Introduction to Cisco ASA FirePOWER module

Last time we saw what type of modules ASA supports these days. Let’s now see a brief description of the newest member of the family – FirePOWER or SFR module.

This is software module which runs from a SSD disk drive inserted into our ASA 5500-X appliance. Please note the X in the name, because this is new generation of ASA appliances such as 5512-X, 5525-X, and so on. This module cannot run on previous ASA generation, such as 5520, for example. Beside the need of having the new generation of ASA boxes, we must have at least 9.2(2.4) version of ASA code to support this module. This applies to the first wave of new ASA boxes. For the newest members, such as 5506-X, we need to run 9.3(2) code. The SFR software must be at least 5.3.1 for models 5512-X through 5585-X, or 5.4.1 for 5506-X. The management server, called FireSIGHT or Defence Center, must run the same or higher version of code than SFR module.

The 5585-Xs run the FirePOWER in hardware module inserted into top slot of the ASA box.

Like with previous modules, hardware or software, this module operates in the same way: we match a traffic we want to inspect, then use MPF to forward this traffic from the ASA box to the module. On the module, we have set of policies that, depending on available licenses, check for various stuff and than send back the information to ASA whether to allow or drop the flow. This is important to have in mind: the module does NOT block the flow. It only instructs ASA to block it or not.

Depending on our licensing model, the SFR module can block and/or log traffic based on URL conditions, files being uploaded/downloaded, intrusion attempts, or just simple conditions such as TCP/IP parameters. In short, we have several licensing options available with the SFR:


We can have only URL filtering capabilities, or we can have only IPS capabilities. If we wanted more than just two of those, we could do that, but in that case the IPS license is required. For example, to have the IPS and AMP (Advanced Malware Protection) enabled, we have to have the TAM license. For all available functionalities, we need the TAMC license package.

The SFR module can be deployed inline with the regard to the traffic flow, or can passively monitor the traffic. The first case is depicted in the following Cisco’s picture:

13-Mar-2015 1-02-47 PM

Here we can see that the traffic coming to one interface is subject to ASA’s ordinary stuff, such as IPSec decryption, NAT and ACLs, before it gets sent to the SFR module. Depending on the verdict from the SFR module, the traffic is dropped or passed on to its destination interface. How do we send the traffic to the module? With the help of MPF. For example:

class-map SFR
 match any
class-map inspection_default
match default-inspection-traffic
policy-map type inspect dns preset_dns_map
message-length maximum client auto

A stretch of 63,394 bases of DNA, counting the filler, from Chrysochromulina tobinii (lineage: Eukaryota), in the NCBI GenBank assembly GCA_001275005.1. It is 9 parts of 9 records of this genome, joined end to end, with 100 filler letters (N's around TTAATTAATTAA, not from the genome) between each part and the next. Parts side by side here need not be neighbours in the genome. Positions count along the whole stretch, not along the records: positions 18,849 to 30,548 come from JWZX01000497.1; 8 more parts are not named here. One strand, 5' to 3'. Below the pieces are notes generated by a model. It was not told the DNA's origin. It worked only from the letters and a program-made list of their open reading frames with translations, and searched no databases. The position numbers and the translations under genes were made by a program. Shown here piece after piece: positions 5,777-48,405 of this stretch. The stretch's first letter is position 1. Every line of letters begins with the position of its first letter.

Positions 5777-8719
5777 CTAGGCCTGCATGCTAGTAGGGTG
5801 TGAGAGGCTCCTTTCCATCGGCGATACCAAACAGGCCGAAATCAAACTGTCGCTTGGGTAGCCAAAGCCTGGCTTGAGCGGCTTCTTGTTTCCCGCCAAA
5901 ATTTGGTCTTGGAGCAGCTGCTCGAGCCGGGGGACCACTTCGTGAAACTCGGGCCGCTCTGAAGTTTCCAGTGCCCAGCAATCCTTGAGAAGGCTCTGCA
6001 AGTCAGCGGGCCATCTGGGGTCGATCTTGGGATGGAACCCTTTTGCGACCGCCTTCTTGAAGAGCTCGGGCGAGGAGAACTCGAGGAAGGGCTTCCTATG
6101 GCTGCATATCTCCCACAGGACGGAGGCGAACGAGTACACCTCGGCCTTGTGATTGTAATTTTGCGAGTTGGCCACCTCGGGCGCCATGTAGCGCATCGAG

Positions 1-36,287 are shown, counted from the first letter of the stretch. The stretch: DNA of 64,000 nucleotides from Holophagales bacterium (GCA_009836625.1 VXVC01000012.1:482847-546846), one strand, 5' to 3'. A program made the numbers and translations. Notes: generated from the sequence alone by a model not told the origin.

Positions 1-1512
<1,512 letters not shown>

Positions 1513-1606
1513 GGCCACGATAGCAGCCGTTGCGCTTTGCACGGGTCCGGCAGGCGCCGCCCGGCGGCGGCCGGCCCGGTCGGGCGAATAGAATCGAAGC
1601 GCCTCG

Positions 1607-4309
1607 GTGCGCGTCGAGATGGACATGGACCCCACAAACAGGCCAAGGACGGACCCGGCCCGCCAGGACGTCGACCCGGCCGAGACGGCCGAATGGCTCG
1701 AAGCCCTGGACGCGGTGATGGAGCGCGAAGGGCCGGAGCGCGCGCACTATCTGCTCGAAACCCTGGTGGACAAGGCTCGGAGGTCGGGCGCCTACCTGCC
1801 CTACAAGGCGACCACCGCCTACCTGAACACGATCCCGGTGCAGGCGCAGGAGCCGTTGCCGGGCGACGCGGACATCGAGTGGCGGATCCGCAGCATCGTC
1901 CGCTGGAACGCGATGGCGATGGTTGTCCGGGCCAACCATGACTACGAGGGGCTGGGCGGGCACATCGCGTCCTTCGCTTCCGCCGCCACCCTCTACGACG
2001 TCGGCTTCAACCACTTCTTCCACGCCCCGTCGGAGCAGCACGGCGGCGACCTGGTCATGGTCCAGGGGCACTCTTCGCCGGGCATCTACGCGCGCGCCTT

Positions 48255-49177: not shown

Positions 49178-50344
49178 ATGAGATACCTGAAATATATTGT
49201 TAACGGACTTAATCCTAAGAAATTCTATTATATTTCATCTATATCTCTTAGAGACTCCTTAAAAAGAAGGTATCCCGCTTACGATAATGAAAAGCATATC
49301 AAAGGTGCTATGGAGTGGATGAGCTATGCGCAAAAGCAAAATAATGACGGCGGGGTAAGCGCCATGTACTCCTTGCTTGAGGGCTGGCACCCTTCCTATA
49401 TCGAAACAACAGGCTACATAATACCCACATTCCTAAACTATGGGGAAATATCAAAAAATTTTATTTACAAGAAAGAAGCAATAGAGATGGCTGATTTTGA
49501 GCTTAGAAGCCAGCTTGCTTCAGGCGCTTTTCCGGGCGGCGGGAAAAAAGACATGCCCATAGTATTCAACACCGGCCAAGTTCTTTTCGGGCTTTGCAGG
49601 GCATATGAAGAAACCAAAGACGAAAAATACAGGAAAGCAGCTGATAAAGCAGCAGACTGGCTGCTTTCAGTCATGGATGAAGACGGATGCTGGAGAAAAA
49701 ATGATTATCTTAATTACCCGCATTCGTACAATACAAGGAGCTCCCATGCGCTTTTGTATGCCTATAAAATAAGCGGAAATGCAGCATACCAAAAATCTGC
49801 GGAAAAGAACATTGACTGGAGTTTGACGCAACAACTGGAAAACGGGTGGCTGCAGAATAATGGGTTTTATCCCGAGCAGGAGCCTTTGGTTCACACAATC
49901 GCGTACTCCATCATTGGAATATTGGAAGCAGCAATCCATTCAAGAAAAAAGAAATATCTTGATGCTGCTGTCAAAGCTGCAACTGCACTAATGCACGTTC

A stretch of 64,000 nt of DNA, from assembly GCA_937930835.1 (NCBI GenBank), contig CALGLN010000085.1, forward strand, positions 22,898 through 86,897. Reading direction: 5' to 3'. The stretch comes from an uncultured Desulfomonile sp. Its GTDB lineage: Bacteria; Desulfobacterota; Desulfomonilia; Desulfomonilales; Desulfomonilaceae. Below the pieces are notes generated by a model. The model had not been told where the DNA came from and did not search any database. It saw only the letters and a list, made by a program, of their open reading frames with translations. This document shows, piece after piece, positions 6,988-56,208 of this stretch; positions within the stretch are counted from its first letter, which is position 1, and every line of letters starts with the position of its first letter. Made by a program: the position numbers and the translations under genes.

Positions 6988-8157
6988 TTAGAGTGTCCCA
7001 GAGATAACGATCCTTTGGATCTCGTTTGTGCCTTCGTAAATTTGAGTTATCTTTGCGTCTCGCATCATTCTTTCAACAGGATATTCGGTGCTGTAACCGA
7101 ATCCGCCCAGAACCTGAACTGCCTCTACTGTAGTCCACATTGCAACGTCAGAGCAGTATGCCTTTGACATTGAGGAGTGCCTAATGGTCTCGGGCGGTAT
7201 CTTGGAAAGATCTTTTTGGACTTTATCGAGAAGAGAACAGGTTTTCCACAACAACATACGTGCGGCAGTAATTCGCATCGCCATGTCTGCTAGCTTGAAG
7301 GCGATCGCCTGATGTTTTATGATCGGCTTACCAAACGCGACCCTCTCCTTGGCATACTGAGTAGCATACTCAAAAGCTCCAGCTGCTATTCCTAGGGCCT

message-length maximum 512
policy-map global_policy
class inspection_default
inspect dns preset_dns_map
inspect ftp
inspect h323 h225
inspect h323 ras
inspect rsh
inspect rtsp
inspect esmtp
inspect sqlnet
inspect skinny
inspect sunrpc
inspect xdmcp
inspect sip
inspect netbios
inspect tftp
inspect ip-options
inspect icmp
class SFR
  sfr fail-open

In this example we created small class map that matches all traffic. Then inside of global policy, which is applied to all interfaces, we call upon that class map and send matched traffic to the SFR module with command sfr fail-open. The fail-open argument says that the traffic will continue to flow even if the SFR module crashes or is in process of upgrade and reboot. In some environments we may not allow this and we could say sfr fail-close to disallow the traffic flow through the ASA, while SFR module is not operational for some reason.

The other way we can use the SFR module is to only monitor the traffic. We will not be able to interfere with the traffic in any way, just to monitor it. The SFR module does not ask the ASA to drop the traffic, it just “applies” the security policies and logs events. If the traffic is to be dropped, the SFR module marks it as “would have dropped” in the log event.


We can see that the traffic keeps flowing, no matter what the SFR has to say. To enable this mode we would say:

class SFR
sfr fail-open monitor-only

in our MPF configuration.

The SFR can run in A/S, A/A or cluster ASA scenarios, as well as in routing or transparent modes.

In the following blogs we will deal a little bit more with this SFR module.


Thanks for reading.




This entry was posted in ASA, Cisco, FirePOWER, Firewall, IPS, Security and tagged , , , , . Bookmark the permalink.

2 Responses to Introduction to Cisco ASA FirePOWER module

  1. Pingback: Installing Cisco ASA FirePOWER software module | popravak

  2. Pingback: Sourcefire File Policies (aka Advanced Malware Protection) | popravak

Leave a Reply

Fill in your details below or click an icon to log in: Logo

You are commenting using your account. Log Out / Change )

Twitter picture

You are commenting using your Twitter account. Log Out / Change )

Facebook photo

You are commenting using your Facebook account. Log Out / Change )

Google+ photo

You are commenting using your Google+ account. Log Out / Change )

Connecting to %s